Netscape, one of the most influential names in the history of the web, is 15 today.

Announced on 13 October 1994, its flagship browser Netscape Navigator introduced coloured backgrounds, media embedding, JavaScript and advanced text styling.

Its layout capability and image features kick-started the web design industry. Before its release, the web was a very grey place indeed.

There were other graphical browsers before Netscape, but none so easy to use. NCSA Mosaic, a federally funded project based at the University of Illinois, shared many of Netscape Navigator's interface features.

That's because many of the team working on that browser - including co-author Marc Andreesen - jumped ship to form a commercial company.

The result of their labours was Netscape Navigator, a browser so far ahead of the competition that it replaced Mosaic in the market while still in beta, with an 80 per cent share by 1996.

Those first years were packed with rapid development. Navigator went from version 1.1 to version four in just three years, introducing Javascript, CSS support and table layout features along the way.

Netscape 4

NETSCAPE 4: For many, the classic Netscape is 4.7. It was great at the time but, with development halted, outstayed its welcome

Where was Microsoft during this time? Pretty much nowhere. The first version of Internet Explorer debuted a full year after Navigator. Built on code bought from NCSA Mosaic - Microsoft committed a dev team of six to the project. Netscape barely shrugged, shedding just 8 per cent of its share to Microsoft.

Good times for Netscape

The Netscape team liked to rub their rival's noses in those numbers. Arriving at work one morning to find an Internet Explorer "e" the size of a Buick planted in their carefully cultivated front lawn, the Netscape programmers took revenge in kind. They replaced the Explorer symbol with a six foot facsimile of dinosaur mascot Mozilla, complete with a sign boasting their superior stats: "Netscape 72, Microsoft 18".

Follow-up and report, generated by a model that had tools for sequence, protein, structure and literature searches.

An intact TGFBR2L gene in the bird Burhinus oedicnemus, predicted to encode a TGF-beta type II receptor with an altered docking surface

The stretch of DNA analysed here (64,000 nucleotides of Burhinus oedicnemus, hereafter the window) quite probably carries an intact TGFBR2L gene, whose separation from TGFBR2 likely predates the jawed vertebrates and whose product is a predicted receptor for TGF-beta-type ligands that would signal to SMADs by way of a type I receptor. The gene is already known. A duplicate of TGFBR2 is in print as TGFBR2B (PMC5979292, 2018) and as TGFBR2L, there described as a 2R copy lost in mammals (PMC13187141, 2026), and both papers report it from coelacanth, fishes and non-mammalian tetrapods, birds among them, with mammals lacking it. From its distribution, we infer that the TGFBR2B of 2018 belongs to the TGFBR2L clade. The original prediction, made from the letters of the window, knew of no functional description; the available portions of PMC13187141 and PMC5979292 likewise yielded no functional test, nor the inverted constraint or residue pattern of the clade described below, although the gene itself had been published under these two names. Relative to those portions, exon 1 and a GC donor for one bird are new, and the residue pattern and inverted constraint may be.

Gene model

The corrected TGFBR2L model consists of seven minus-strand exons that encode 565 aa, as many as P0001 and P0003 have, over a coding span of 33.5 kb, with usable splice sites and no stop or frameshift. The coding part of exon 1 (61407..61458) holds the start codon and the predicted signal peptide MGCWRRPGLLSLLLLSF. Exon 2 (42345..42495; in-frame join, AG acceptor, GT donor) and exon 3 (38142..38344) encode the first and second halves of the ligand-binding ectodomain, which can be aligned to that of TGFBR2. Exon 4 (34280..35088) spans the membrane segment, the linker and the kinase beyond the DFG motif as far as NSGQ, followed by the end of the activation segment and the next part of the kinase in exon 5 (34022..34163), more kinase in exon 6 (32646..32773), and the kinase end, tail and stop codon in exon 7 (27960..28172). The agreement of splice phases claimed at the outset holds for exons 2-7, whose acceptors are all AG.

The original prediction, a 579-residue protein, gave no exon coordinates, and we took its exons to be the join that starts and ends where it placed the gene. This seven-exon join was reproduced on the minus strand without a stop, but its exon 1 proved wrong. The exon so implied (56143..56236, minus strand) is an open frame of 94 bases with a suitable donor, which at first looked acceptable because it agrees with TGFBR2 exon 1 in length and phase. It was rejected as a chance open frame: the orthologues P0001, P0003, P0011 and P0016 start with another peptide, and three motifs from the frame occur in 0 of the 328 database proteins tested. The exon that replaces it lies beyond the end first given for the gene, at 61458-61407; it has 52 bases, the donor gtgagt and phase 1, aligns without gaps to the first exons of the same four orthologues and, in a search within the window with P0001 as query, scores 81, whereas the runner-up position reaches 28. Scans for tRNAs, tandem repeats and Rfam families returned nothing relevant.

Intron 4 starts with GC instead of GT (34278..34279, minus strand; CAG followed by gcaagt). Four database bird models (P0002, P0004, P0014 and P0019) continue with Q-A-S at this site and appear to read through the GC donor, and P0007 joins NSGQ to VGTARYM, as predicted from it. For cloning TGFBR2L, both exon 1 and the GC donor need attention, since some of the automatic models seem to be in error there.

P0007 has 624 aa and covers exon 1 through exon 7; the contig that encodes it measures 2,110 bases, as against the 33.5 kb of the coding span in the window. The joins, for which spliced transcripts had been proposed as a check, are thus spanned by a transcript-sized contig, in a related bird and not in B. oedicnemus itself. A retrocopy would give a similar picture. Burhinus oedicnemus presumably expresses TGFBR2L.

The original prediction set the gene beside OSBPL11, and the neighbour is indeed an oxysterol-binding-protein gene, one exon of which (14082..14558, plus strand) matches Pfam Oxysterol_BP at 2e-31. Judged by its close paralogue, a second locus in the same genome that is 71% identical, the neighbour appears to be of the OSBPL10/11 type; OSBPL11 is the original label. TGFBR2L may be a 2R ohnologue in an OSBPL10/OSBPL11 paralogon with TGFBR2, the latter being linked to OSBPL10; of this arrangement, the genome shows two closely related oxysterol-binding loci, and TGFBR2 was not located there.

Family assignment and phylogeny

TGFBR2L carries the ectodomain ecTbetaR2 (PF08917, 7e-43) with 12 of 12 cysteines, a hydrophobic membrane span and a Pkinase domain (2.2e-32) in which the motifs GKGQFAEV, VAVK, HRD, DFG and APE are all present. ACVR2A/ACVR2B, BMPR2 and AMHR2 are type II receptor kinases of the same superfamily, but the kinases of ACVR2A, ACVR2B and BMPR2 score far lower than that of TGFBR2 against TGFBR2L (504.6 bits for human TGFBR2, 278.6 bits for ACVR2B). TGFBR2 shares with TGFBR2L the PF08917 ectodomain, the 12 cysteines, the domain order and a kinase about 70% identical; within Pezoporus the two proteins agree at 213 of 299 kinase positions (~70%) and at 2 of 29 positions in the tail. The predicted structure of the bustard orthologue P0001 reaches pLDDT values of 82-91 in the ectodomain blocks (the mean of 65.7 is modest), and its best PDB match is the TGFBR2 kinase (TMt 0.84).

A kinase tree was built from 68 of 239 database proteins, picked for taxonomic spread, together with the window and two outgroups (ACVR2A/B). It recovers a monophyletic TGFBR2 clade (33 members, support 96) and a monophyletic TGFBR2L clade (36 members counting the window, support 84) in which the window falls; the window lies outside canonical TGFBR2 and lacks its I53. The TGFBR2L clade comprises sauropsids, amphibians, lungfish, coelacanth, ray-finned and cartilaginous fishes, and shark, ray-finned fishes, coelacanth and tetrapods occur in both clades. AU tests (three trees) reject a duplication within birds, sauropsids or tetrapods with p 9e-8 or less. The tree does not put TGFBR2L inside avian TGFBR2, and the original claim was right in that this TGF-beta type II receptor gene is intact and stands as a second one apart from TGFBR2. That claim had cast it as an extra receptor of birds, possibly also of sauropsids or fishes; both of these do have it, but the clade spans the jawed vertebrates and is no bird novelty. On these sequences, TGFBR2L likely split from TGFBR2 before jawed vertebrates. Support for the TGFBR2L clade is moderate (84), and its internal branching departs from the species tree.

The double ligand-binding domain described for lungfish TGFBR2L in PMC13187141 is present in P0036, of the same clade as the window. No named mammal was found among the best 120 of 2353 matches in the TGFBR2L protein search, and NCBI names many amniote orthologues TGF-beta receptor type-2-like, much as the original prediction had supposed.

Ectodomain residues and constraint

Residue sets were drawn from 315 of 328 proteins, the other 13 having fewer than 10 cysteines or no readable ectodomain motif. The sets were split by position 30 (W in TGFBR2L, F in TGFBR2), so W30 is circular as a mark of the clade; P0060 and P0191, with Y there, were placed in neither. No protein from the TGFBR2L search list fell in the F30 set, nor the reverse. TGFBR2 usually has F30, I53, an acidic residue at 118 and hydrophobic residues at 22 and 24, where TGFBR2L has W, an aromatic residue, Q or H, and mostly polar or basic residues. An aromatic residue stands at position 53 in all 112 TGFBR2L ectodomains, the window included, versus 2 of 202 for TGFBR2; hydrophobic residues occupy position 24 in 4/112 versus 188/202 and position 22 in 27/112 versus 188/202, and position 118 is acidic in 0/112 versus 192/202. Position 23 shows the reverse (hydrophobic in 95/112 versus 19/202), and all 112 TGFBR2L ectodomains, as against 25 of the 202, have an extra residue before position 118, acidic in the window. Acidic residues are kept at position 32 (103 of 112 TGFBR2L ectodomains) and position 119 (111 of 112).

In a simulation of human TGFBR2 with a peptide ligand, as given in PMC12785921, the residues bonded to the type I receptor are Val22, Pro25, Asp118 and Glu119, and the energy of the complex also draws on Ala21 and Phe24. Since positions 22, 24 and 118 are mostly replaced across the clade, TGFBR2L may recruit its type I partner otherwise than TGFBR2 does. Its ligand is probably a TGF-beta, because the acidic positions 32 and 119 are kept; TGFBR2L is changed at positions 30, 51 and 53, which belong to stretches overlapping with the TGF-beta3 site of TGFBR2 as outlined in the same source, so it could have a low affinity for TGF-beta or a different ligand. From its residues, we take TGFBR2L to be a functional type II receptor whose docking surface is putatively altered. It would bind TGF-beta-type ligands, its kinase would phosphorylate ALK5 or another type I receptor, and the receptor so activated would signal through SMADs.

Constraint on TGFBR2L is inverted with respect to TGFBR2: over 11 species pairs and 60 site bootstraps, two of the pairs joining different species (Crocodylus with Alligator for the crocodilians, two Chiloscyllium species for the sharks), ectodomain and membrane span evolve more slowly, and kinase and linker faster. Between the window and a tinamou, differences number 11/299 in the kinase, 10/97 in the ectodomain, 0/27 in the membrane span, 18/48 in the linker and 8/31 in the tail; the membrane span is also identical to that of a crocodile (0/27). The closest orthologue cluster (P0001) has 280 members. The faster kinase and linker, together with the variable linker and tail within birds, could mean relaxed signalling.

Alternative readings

That arrogance would be Netscape's downfall.

In 1998, Microsoft launched Internet Explorer 4, like a torpedo through Netscape's bow. Boasting full integration with Windows and a vastly improved browser engine, the killer feature was DHTML - a set of proprietary scripting technologies built on Netscape's own JavaScript that would form the foundations of AJAX. Microsoft had invented Web 2.0.

Netscape had nothing to counter it. Within 12 months, Microsoft went from underdog to market leader.

Netscape emulator

DEJA VU: See the web through the eyes of Netscape 1.0 at dejavu.org - a site dedicated to early browser emulation

The company's demise was hastened by a series of political decisions that must have looked good on paper. America Online bought the company at the end of 1998, in a stock-swap valued at $4.2 billion dollars.

Despite this, AOL continued to use Internet Explorer as the browser for its ISP customers - missing a plum chance to revive the brand. Instead, they relaunched netscape.com as a web directory, then as a Digg-style news site.

Netscape 9

NETSCAPE 9: AOL attempted a revival with Netscape 9 in June 2007. Just half a year later, the browser and its support were discontinued

Attempts to update the browser came too late and lacked the flair marking Netscape's early incarnation. AOL formally discontinued browser support in February 2008. The Netscape web address now points to a version of AOL's portal page.

But, Netscape lives on. The last savvy thing the company did, back in February 1998, was to open up the source code of their browser suite, setting up the Mozilla Foundation to oversee the project.

Firefox, the browser built from Navigator's ashes, maintains its position as the world's second most popular browser, with a healthy 27% share of a crowded market.

So, Happy 15th Birthday Netscape. Despite difficult times, it looks like you've many more ahead.

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Liked this? Then check out 10 cool things AOL could do with Netscape.com

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